Rep. Gabrielle Giffords has resigned from the House with a standing ovation from her colleagues, more than a year after she was gravely wounded by a would-be assassin.
The Arizona congresswoman formally resigned after a series of tributes from her colleagues. She's stepping down to focus on her recovery from a gunshot wound to the head.
As Giffords sat in the chamber's front row, lawmakers praised her dignity, grace and perseverance. Her mother, Gloria, and husband, retired Navy Capt. Mark Kelly, watched from the gallery. Giffords stood in the well of the House as her close friend, Rep. Debbie Wasserman Schultz, read her resignation letter. Other members of the Arizona delegation surrounded her and Rep. Jeff Flake held her hand. An emotional Wasserman Schultz said Giffords would return one day.
Giffords, who has represented southern Arizona in the House for five years, submitted her letters to House Speaker John Boehner and Arizona Gov. Jan Brewer. Her resignation will be effective at the end of the day on Wednesday.
In her letter, she promises, "I will recover and will return."
Giffords ends her resignation letter with the words: "Every day I am working hard. I will recover and will return and we will work together again for Arizona and for all Americans."
Democratic Leader Nancy Pelosi asked unanimous consent from her colleagues to speak out of order. Pelosi then discussed Giffords' career in the House.
Pelosi saluted Giffords and recognized her as "the brightest star among us, the brightest star congress has ever seen."
"She has brought the word ‘dignity' to new heights by her courage," Pelosi said.
Giffords received a warm welcome Tuesday as well, from her colleagues and from President Barack Obama, when she attended the State of the Union Address.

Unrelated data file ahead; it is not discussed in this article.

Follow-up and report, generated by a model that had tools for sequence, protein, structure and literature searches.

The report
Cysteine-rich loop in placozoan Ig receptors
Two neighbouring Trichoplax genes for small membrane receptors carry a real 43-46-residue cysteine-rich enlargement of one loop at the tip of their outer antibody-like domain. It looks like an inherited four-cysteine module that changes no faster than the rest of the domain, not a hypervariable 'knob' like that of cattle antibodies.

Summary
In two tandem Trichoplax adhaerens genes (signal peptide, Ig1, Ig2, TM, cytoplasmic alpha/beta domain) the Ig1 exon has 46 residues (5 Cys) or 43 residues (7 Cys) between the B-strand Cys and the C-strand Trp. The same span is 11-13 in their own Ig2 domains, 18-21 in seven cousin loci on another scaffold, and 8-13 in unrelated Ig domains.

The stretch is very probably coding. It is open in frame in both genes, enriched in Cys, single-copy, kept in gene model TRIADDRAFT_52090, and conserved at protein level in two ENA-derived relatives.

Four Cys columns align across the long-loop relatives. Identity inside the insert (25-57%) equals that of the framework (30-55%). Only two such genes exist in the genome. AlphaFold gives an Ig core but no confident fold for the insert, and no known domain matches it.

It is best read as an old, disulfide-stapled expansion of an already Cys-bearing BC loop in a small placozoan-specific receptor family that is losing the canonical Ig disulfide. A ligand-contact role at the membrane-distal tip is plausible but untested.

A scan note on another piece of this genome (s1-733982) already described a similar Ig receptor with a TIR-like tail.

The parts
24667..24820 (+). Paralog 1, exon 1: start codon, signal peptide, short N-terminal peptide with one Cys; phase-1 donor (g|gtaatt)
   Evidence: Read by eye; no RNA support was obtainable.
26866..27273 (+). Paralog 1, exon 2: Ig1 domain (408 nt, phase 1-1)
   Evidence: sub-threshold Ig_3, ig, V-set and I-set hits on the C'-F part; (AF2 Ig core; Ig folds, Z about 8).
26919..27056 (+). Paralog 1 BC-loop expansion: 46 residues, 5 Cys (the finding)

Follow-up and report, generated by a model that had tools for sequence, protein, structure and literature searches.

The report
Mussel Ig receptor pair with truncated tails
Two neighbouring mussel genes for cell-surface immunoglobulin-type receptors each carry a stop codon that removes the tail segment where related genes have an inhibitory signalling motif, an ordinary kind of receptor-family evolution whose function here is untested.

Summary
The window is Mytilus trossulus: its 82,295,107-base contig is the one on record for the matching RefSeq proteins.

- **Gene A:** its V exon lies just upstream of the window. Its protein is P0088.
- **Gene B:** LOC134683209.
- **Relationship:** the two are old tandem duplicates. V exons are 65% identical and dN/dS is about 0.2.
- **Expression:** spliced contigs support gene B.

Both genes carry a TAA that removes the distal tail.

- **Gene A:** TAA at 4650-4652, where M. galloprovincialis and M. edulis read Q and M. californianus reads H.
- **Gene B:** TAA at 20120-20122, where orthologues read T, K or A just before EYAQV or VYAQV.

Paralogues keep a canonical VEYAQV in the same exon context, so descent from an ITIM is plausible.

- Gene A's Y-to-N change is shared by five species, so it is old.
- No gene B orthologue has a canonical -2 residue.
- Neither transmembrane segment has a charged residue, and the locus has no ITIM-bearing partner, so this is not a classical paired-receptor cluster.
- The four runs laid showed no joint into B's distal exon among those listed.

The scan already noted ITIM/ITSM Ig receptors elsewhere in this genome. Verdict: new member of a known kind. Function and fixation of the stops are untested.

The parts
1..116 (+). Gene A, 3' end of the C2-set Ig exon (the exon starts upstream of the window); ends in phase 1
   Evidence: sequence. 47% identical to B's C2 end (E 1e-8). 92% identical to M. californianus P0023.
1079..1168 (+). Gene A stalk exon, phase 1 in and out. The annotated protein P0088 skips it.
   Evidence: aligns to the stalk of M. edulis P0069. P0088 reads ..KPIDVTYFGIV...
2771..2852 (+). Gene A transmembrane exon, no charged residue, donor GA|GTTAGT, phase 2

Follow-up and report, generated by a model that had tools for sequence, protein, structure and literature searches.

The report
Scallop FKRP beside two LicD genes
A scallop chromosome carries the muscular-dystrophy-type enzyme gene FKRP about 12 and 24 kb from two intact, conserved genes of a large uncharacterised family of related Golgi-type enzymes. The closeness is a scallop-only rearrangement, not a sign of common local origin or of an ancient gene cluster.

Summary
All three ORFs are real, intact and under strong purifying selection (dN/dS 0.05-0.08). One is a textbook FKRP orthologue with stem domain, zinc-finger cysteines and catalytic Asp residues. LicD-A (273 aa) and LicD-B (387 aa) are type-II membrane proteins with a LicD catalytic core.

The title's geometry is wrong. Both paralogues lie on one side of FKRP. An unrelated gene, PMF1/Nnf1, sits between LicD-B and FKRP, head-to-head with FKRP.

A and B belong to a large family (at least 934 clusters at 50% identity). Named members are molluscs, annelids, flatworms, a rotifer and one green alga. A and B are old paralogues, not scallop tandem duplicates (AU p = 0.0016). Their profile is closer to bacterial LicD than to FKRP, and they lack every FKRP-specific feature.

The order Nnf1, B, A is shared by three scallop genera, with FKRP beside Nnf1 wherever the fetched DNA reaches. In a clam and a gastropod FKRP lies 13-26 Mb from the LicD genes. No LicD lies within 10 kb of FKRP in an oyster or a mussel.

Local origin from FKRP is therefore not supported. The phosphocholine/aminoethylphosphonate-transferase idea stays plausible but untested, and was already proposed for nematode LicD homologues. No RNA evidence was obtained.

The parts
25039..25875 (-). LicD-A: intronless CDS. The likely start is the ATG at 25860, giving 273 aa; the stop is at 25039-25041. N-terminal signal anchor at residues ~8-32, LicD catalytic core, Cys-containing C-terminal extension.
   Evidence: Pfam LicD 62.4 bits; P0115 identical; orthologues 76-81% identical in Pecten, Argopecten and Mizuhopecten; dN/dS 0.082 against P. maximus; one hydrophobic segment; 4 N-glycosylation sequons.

Also on Tuesday, her office released a statement announcing she would hand her letter of resignation to Boehner and Arizona Gov. Jan Brewer. It goes into effect at the end of the day.
Republican Leader Eric Cantor also made some brief remarks about Giffords' service followed by Democratic Whip Steny Hoyer.
Then, an emotional Wasserman Schultz, Giffords' closest personal friend in the House, read the congresswoman's letter of resignation from the well of the House. Wasserman Schultz was joined by Giffords and a bipartisan group of Giffords' colleagues.
Giffords, with the help of Wasserman Schultz, submitted her letter of resignation to the speaker.
Giffords votes on smuggling bill
Giffords' final act in Congress was voting on a bill that imposes tougher penalties on smugglers who use small, low-flying aircrafts to avoid radar detection and bring drugs across the Mexican border.
The bill passed unanimously, 408-0.
The Democratic congresswoman introduced the legislation along with fellow Arizonan, Republican Jeff Flake. It's similar to a version that easily passed the House in 2010 but did not make it through the Senate.
Her office said the current law allows defendants who use ultra-light, single-seat planes to get a lesser penalty than those who use cars or other types of planes to smuggle drugs.
Every year, hundreds of ultralights are flown across the southern border and each can carry several hundred pounds of narcotics, her office staff said.
Ultralights - small, single-seat aircraft - are favored by smugglers because they are inexpensive, relatively quiet and can fly at night without lights. They often are able to evade radar detection and can drop a load of narcotics in the U.S. and return to Mexico without landing.
The legislation will:
Give law enforcement agencies additional tools to combat this type of drug trafficking by closing a loophole in current law that allows smugglers who use ultralights to receive a lesser penalty than those who use airplanes or cars
Establish the same penalties for trafficking, whether by plane, automobile or ultralight: up to 20 years in prison and a $250,000 fine
Add an attempt-and-conspiracy provision to the aviation smuggling law to allow prosecutors to charge people other than the pilot who are involved in aviation smuggling
Direct the Department of Defense and the Department of Homeland Security to collaborate in identifying equipment and technology used by the Defense Department that could be used by U.S. Customs and Border Protection to detect ultralights
Copyright 2012 KPHO (Meredith Corporation). All rights reserved. The Associated Press and Raycom News Network contributed to this story.
Thursday, December 5 2013 2:44 AM EST2013-12-05 07:44:00 GMT
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